In terms of sustainability, they had gone through the process of developing a business model. They had evaluated some of the options as they were not a 'for profit' organisation but they had to sustain their operations and their fees had to be aligned with that objective. ICT governance was a major consideration and they had been investigating off-site disaster recovery and hosting as they needed to be able to replicate their database. They approached risk management from a high level and had identified the key strategic risks and were cascading that down throughout the organisation.
▪ The seventh objective was on human capital capability and capacity and they had implemented a recruitment plan, a remuneration framework, and emphasis was placed on a skills audit, performance management and staff morale. They had concentrated on understanding what the real requirements were for staff and developing new structures. These initiatives would be finalised in the fourth quarter with the concurrence of the Director General and the Minister. In the interim they had used the existing CIPRO staff structure and what was in place of the new structure and they had filled posts on a 12-month contract basis to give themselves flexibility. The strategic plan they would be presenting to the Committee would elaborate on remuneration and other details. In terms of the skills audit, there had been individual training interventions and they were improving skills in areas that were already operational. They would be concentrating on substantive training moving forward. They were elevating some of the more intellectual engagements of the organisation around issues such as IP and the impact of social media and the internet on IP.
In terms of employee satisfaction, there had been a strong focus on the organisational culture and they had engaged extensively on this and an initial high level assessment had been done. The philosophy they upheld was that if they had engaged employees that understood and appreciated what they had to do, they would improve service delivery.
▪ CIPC‘s eighth objective included a world-class customer service delivery model, a customer service satisfaction report, and a customer service and marketing strategy. They had developed a business model which included a service delivery component. They conducted a customer satisfaction survey in the first quarter and another was to be completed in the fourth quarter to ascertain progress. In terms of marketing, they had hosted marketing events in conjunction with dti to create greater awareness of CIPC and they had concentrated on service delivery issues such as online registration.
Ms Ludin reported on the CIPC's financial performance for the financial year to date and the 3rd quarter in particular. (See financial tables in presentation) In terms of revenue, the target for the year had been R336 million. The target for the first three quarters was approximately R260 million and they had received close to R320 million in revenue.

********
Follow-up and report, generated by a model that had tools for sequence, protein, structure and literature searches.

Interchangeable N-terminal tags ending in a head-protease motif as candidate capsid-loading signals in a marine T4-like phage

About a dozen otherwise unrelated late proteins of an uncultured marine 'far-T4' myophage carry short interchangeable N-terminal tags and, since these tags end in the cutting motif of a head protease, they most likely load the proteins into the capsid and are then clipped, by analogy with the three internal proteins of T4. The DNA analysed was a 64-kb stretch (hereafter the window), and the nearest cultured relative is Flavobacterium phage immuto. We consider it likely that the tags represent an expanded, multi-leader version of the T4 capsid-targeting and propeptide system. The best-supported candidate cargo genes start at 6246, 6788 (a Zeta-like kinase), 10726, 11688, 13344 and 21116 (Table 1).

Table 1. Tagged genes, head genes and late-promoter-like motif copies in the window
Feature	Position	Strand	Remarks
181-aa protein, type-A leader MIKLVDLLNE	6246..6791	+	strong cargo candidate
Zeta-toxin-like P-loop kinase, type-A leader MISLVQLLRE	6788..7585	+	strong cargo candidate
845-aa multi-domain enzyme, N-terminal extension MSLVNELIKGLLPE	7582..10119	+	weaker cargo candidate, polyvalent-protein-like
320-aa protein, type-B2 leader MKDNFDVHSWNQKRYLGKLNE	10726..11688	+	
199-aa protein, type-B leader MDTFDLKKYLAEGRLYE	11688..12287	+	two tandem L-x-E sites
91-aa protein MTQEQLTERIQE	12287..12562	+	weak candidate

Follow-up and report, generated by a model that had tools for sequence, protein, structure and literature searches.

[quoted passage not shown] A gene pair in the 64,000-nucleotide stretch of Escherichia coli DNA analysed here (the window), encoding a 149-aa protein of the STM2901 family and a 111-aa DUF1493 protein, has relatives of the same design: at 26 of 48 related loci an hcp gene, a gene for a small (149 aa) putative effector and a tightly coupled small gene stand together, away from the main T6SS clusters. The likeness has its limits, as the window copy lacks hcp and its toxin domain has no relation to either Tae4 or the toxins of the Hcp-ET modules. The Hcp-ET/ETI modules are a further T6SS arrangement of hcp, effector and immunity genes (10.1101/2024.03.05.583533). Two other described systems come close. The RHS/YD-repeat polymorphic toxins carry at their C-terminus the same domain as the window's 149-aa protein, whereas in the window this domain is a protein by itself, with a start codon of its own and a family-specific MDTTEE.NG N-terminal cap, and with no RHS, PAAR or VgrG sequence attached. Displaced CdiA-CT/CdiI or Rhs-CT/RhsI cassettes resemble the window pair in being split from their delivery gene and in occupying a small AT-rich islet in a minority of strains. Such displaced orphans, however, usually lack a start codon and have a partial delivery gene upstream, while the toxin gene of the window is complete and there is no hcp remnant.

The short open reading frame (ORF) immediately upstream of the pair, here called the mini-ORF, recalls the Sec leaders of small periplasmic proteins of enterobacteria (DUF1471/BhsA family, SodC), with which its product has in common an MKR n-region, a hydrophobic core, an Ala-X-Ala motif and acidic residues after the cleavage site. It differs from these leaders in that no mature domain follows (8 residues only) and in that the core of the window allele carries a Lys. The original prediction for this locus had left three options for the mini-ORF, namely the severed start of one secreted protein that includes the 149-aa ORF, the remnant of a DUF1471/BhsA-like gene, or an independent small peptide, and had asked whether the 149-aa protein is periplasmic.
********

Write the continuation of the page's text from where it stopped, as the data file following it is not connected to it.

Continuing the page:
In terms of their operating expenditure, they had expected to spend approximately R240 million in the first three quarters but the actual expenditure had been approximately R174 million. There had been a big budget for projects but they had only spent R80 million of this budget. Overall, what was anticipated was that the institution would be using a large amount of its surplus (its retained earnings) for projects. At the end of the Third Quarter they had generated a surplus of R127 million. Most of the CIPC's sources of revenue were derived from annual returns and they had anticipated that in the first three quarters of the financial year, R163 million would be generated from annual returns. Most of this was expected to come from companies but a lot more close co-operations registered and this had generated close to R74 million. They had also received more revenue than expected from trademarks because of the increased applications for registrations.
In terms of their expenditure management, the area of greatest variance (R28 million) was for the compensation of employees which reflected the budget for the establishment of a new structure. Historically, there had been a lot of reliance on consultants and whilst they could not move away from using them, they had scaled back from large projects and this was reflected in the financials. Large scale projects done by the organisation had not been successful in the past and they proposed spending on preliminary testing to establish the quality standards they needed before implementing projects, to ensure that they could use all the information that they contemplated spending their money on.
Other sources of revenue were data sales (although this was minimal), the sale of tender documents, internal income from staff phone calls and bursary debt. They also received an amount of R4,8million from the dti as a contribution to the establishment of the CIPC and interest from the Reserve Bank.